Seeking to sustain jurisdiction over IMA in a Minnesota forum, Toro introduced evidence showing that IMA had conducted activities in Minnesota under its agreement with Weed Eater, Inc. Throughout the term of this agreement, IMA's regional sales director for the area which included Minnesota would call upon and visit local distributors of Weed Eater products to assist the distributors in their sales efforts. The district court found that in the one year period preceding initiation of this lawsuit, approximately $400,000 worth of Weed Eater products were sold in the Minnesota market.
On the facts as above stated, the district court concluded (1) that IMA's activities in Minnesota fell within the literal provisions of that state's long arm statute, but that (2) maintenance of suit against IMA in a Minnesota forum would offend traditional notions of fair play and substantial justice. Toro's complaint against IMA was dismissed accordingly.
We note at the outset two propositions about which there is no dispute. First, it is clear that Minnesota's long arm statutes, Minn.Stat.Ann. §§ 303.13 and 543.19, authorize the assertion of jurisdiction over foreign corporations to the fullest extent allowed by constitutional due process. Northern States Pump & Supply Co. v. Baumann, Minn., 249 N.W.2d 182, 184 (1976); American Pollution Prevention Co. v. National Alfalfa Dehydrating & Milling Co., 304 Minn. 191, 193, 230 N.W.2d 63, 65, cert. denied, 423 U.S. 894, 96 S.Ct. 193, 46 L.Ed.2d 126 (1975). Second, it is likewise clear that Toro's cause of action did not arise out of IMA's activities in the state of Minnesota. We are therefore presented with the single question whether, on the record before us, Minnesota may constitutionally assert jurisdiction over a foreign corporation whose only connections with that state are wholly unrelated to the claim sued upon. We conclude that it may not.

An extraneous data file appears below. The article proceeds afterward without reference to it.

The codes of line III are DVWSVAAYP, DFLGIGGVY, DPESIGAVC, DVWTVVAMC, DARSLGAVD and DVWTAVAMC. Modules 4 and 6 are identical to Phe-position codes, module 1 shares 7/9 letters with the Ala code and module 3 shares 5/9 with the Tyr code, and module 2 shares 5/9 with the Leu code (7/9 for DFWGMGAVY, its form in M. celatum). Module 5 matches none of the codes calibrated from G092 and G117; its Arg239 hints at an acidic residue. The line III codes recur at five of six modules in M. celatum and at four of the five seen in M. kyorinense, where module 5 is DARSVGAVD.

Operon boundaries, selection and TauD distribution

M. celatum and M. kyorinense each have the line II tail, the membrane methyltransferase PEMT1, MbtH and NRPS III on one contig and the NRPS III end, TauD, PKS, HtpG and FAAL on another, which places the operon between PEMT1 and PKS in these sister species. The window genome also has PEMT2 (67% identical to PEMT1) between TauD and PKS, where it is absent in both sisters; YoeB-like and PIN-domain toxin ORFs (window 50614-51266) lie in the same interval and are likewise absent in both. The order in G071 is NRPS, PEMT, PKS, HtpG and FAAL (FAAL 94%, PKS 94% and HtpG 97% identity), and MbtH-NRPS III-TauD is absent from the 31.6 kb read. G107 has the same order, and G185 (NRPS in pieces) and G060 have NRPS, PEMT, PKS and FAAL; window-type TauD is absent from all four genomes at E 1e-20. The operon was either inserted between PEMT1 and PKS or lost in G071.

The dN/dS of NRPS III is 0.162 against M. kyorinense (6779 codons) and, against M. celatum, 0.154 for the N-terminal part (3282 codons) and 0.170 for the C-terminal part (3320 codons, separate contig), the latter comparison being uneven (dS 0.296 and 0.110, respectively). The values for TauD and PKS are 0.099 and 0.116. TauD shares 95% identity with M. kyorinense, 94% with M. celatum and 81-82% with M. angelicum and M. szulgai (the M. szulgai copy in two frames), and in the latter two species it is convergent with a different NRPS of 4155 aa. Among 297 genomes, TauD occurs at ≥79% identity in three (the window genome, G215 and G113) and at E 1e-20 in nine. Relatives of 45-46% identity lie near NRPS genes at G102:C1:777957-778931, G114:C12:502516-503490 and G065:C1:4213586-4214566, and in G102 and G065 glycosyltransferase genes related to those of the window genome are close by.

In reaching this conclusion, we begin with the premise that "all assertions of state court jurisdiction must be evaluated according to the standards set forth in International Shoe (Co. v. Washington, 326 U.S. 310, 66 S.Ct. 154, 90 L.Ed. 95 (1945),) and its progeny." Shaffer v. Heitner, 433 U.S. 186, 212, 97 S.Ct. 2569, 2584, 53 L.Ed.2d 683 (1977). We thus consider whether IMA's activities in the state of Minnesota are such as to make it reasonable "to require the corporation to defend the particular suit which is brought there." International Shoe, supra, 326 U.S. at 317, 66 S.Ct. at 158.
Since International Shoe, the "central concern of the inquiry into personal jurisdiction" has been "the relationship among the defendant, the forum, and the litigation." Shaffer v. Heitner, supra, 433 U.S. 186, 204, 97 S.Ct. at 2580. This court has considered five factors as being especially significant in characterizing that relationship in a given situation: (1) the quantity of the defendant's contacts with the forum state, (2) the nature and quality of those contacts, (3) the relationship between the cause of action and the contacts, (4) the interest of the state in providing a forum for the litigation, and (5) the convenience of the parties. See Aaron Ferer & Sons Co. v. American Compressed Steel Co., 564 F.2d 1206, 1209 (8th Cir. 1977), and cases cited therein.